On Drinking Kool-Aid, Smoking Your Own Dope and Eating Your Own Dog Food
No, they were talking about selling software to other big corporations like… Silicon Graphics. Enterprise Software. Enterprise Solutions. What’s your strategy? We’re going after The Enterprise. As a word person, I know the power words have in defining the way we think about ourselves. And the word Enterprise summed up the way many companies in the Valley, and the VCs who funded them, thought about themselves: Captain Kirks and Mr. Spocks going where no man has gone before.
I’m thinking about this after reading the Wall Street Journal article about the incubator “12 Entrepreneuring” shutting down. Founded by Captain Halsey Minor and First Engineer Marc Andreessen, this is a company that signed a 10-year lease for office space priced at $3.4 million dollars a year and spent $12 million dollars in office furnishings. Now, you only do that if you have an “Enterprise” mindset.
Warren Buffet, on the other hand, lives in the same modest house he has always lived in, and I’ll bet dimes to donuts (while I have no way of knowing) that when he launched Berkshire Hathaway he didn’t spend more than $1,200 outfitting the place. And my guess is that what he invests in are Companies, not Enterprises.
At Silicon Graphics we were also fond of “Eating our own Dog food.” In our case it meant trying to do email and word processing on a $20,000 Unix-based graphics workstation with a cheap, slow PC emulator built in. It also meant spending most of the marketing budget (and nearly a year) tying up the development staff developing a 3D interactive Web experience that could play out over a 28.8 modem (prophetically entitled Out of Mind Experience, or OOME). Need a demo done for a potential client? Forget it: they’re too busy with OOME. In the end, if I remember correctly, not one scrap of code ever saw the light of day or was ever backed up (an entire year of work was gone when some hard drives failed.)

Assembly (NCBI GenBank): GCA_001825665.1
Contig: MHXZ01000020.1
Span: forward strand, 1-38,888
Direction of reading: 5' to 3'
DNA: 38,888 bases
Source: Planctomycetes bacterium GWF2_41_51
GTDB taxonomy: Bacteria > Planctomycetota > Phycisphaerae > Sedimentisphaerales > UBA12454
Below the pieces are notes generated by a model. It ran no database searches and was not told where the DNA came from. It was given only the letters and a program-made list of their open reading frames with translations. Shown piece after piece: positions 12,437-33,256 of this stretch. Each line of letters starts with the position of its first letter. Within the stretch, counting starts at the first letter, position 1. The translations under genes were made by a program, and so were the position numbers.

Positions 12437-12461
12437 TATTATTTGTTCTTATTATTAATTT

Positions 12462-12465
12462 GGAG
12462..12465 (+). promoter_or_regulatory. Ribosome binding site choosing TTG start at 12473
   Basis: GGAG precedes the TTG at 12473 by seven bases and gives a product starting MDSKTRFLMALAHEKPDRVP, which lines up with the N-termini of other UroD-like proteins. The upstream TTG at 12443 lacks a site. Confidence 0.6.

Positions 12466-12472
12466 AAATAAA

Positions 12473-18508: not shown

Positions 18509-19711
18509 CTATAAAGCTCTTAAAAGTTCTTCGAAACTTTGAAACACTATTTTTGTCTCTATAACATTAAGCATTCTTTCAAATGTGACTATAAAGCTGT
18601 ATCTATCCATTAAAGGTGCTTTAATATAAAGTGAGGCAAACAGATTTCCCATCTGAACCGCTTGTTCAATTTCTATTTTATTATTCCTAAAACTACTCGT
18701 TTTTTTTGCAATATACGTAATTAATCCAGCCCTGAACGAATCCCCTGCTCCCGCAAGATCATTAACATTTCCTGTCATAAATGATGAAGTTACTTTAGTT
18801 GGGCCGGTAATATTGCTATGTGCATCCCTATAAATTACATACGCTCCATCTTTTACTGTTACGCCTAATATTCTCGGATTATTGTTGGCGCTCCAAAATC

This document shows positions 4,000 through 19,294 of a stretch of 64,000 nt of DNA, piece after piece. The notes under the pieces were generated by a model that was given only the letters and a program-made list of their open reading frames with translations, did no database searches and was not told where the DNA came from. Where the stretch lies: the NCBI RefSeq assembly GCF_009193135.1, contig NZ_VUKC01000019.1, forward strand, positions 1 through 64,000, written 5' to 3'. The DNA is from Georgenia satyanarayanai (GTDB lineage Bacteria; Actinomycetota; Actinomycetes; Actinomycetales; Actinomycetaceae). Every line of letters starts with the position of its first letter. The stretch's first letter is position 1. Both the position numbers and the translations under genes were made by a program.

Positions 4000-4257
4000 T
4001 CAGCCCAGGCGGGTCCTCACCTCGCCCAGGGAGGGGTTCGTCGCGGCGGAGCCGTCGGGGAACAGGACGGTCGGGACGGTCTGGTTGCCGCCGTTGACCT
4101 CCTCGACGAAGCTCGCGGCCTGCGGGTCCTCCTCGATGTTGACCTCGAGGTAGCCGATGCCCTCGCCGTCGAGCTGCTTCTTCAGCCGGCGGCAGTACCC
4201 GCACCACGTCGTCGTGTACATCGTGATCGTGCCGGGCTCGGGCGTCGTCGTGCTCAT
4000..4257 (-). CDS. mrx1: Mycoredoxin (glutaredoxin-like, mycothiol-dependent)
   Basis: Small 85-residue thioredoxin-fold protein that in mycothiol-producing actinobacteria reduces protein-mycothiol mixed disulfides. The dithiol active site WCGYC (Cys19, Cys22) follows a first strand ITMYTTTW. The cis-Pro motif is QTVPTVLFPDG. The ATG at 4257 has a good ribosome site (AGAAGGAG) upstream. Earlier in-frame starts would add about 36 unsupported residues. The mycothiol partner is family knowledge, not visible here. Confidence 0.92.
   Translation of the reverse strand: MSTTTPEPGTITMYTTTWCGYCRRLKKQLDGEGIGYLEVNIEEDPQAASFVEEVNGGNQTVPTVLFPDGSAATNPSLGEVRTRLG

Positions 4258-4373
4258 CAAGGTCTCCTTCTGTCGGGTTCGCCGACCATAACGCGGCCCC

“Eating your own Dog food” is usually a result of “Smoking your own Dope” - the process of believing your company’s Press Releases. “Smoking your own Dope” gives you the munchies so badly that even your own dog food seems tasty. At Silicon Graphics, dope smoking took the form of actually believing that all face-to-face meetings in the future would take place in Cyberspace with Enterprise customers donning their Captain Kirk Avatars. We even used to give out the sci-fi book “Snowcrash” as marketing material.
And all of this, of course, eventually leads to “Drinking the Kool-Aid” - a reference to the Jim Jones massacre and the process whereby a company’s staff has either become so brainwashed or beaten down that they’re not only incapable of offering any resistance to any crazy idea proposed by upper management, but they embrace it with zombie-like enthusiasm, much like characters out of the movie Reefer Madness.
This signals the beginning of the end. A good example of this phenomenon is the company Evite, whose employees used to chase people down the street forcing them to take their swag. (You WILL take this mouse pad!)
You can tell post-Kool-Aid companies by the fact that the last press release listed on the “about” section of their site is dated October, 2000 or a disclaimer on the download page that says: “This software is distributed AS IS. No telephone support is provided.”
Or if they are now owned by Computer Associates.
So pass that doobie over here, crank open the Alpo, and make mine grape. Three cheers for good old American enterprise.